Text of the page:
On being kinder towards larger bodies

Well, all bodies really….

This month (November 2022) the newsletter themes included kindness, tolerance, thanksgiving and the elimination of violence towards women.  And as I sat with those themes, trying to come up with something to write about, I kept going back to the Yoga For All® Training that I am currently doing, and a lesson this week on “Healthy at Every Size”.  And then I realised – being in an abundant body brings out a lot of unkindness, intolerance and contributes to violence against women, particularly what are commonly known as micro-aggressions.  (Think about people being judged as lazy just because they are in a larger body.)

If you are a white, middle aged, fat woman you are in the most underemployed category in Australia (add in single mum and you get extra negative points).  This is because fat discrimination is kind of the one that we don’t talk about, and still allow.

My training talked about the fact that the creator of BMI was interested in statistics and morality, and that it is nonsense, scientifically speaking (it’s more of a made up math thing), and yet the focus on it makes huge amounts of money for the weight loss industry, insurance companies, pharmaceutical companies, the fitness industry, etc.

Analysis of meta data from around the world has actually shown that being “obese” (a random line in the sand based on the spurious BMI) does not shorten lifespans, in fact statistically those classed as obese actually live a little longer!

There is an assumption that because you are in an abundant body that you are unhealthy – but many people in larger bodies will still test within normal ranges for most health markers (blood pressure, cholesterol, organ function, vitamin & mineral levels, etc).  As well, thin people can test outside normal, but we usually don’t blame it on them being thin.

Weight cycling (where people diet, lose weight, and then regain it, rinse and repeat) though can negatively impact health.  And the biggest impactors of negative health impacts are actually high levels of stress, things like drugs, smoking, alcohol, etc, and low socioeconomic status. (Side note – marginalised peoples are more likely to have low incomes and be discriminated against in all sorts of ways, which in turn leads to higher stress.  Of course we would rather focus on getting people to loose weight, and shaming them if they don’t, then trying to undo social inequities.)

Health is a spectrum, and many things that impact our health are not under our control.    And, it should not be a barometer of worthiness.  All beings have inherent value, including people in larger bodies.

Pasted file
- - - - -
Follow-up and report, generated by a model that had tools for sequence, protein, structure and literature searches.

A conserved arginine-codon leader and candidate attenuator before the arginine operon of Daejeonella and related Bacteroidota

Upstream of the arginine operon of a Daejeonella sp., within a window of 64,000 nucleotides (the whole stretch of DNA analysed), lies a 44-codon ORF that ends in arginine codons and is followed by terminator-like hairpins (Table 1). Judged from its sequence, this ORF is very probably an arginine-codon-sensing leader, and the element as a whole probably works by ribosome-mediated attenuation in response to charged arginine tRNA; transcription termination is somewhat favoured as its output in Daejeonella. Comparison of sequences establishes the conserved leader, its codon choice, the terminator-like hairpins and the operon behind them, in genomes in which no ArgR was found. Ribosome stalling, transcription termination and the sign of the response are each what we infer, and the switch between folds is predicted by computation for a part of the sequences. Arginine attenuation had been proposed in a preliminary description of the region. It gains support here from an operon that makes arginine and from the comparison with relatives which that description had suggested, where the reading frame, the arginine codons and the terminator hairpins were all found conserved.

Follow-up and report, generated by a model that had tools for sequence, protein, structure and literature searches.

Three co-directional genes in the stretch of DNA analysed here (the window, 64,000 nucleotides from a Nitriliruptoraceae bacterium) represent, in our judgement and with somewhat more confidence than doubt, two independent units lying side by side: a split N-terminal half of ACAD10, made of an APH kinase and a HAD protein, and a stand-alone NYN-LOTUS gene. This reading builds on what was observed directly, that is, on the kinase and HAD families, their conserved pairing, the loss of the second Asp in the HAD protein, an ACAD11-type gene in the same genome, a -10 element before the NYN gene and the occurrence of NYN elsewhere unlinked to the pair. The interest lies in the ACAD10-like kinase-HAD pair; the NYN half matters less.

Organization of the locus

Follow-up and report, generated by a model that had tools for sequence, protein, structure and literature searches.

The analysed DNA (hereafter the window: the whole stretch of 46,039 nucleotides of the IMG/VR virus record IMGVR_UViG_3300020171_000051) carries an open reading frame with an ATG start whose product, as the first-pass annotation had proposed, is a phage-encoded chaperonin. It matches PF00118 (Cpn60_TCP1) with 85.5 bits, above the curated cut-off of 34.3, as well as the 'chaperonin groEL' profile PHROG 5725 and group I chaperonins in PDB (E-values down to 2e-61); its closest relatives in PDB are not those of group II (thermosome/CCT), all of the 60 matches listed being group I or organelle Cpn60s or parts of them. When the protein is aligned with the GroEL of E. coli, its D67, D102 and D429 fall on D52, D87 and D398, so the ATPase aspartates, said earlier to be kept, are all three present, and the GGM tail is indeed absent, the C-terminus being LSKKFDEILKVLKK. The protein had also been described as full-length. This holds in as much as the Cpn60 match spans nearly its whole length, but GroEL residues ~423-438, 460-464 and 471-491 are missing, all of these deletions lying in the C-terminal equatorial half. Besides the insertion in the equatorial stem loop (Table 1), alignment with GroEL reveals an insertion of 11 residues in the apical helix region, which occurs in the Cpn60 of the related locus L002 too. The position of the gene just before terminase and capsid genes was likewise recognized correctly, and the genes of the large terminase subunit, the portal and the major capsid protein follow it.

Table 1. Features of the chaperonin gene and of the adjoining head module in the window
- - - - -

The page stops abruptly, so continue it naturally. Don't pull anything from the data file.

The Healthy at Every Size philosophy is that healthy habits bring health to bodies of all sizes, shapes, and ages.  These healthy habits include:

  • eating plenty of fruit and vegetables
  • moving (to your capacity)
  • not smoking or drinking or doing other drugs
  • getting enough sleep
  • hydrating
  • reducing/managing stress

They also emphasise compassionate self care, respect, and critical awareness, where you challenge assumptions and value lived experience and people’s knowledge of their own bodies.

So, what does health look like from a weight neutral perspective?

  • good health markers
  • good mental health
  • functioning body systems eg digestion, circulation, etc
  • good energy levels
  • good sleep
  • low pain levels
  • stamina and strength (to the level you want)

The main goal is to be able to do what you want to do!

I have been technically overweight for about 30 years.  My weight hasn’t changed much for the last 20 or so years.  I can touch my toes, which I know many people can’t do, as my flexibility is pretty good (thank you gentle yoga).  Most of my health issues are due to a condition that I was born with, not my weight.  My mental health is pretty good – I have a lot of tools, and have done a lot of work on myself.  I don’t drink or smoke or do drugs.

I actually love my body!  I know it really well – I talk to, and listen to it, a lot.  I am kind to it (mostly) and treat it and other bodies with respect.  I don’t judge it, I am not ashamed of it, I try very hard not to harm it.  I am grateful for the things that having a body allow me to experience (eg chocolate, beaches, sunsets, cat cuddles, etc), and try to acknowledge the capacities that my body and I have that may be unique to me.

What is your relationship like with your body?  (Feel free to take a moment to think about it.)


Finally, I want to leave you with this:
Be thankful for your body, no matter what it looks like.
Be kind to your body, always.
Listen to your body – it knows a lot!


Karen & her body

Karen Howard is a counsellor, coach, energetic body worker and yoga teacher.  She is also an Access Bars® Facilitator and a Body Process® Facilitator.  You can connect with her via her email alwaysshinebrightly@gmail.com

You can find out more about Healthy at Every Size here – https://haesaustraliainc.wildapricot.org/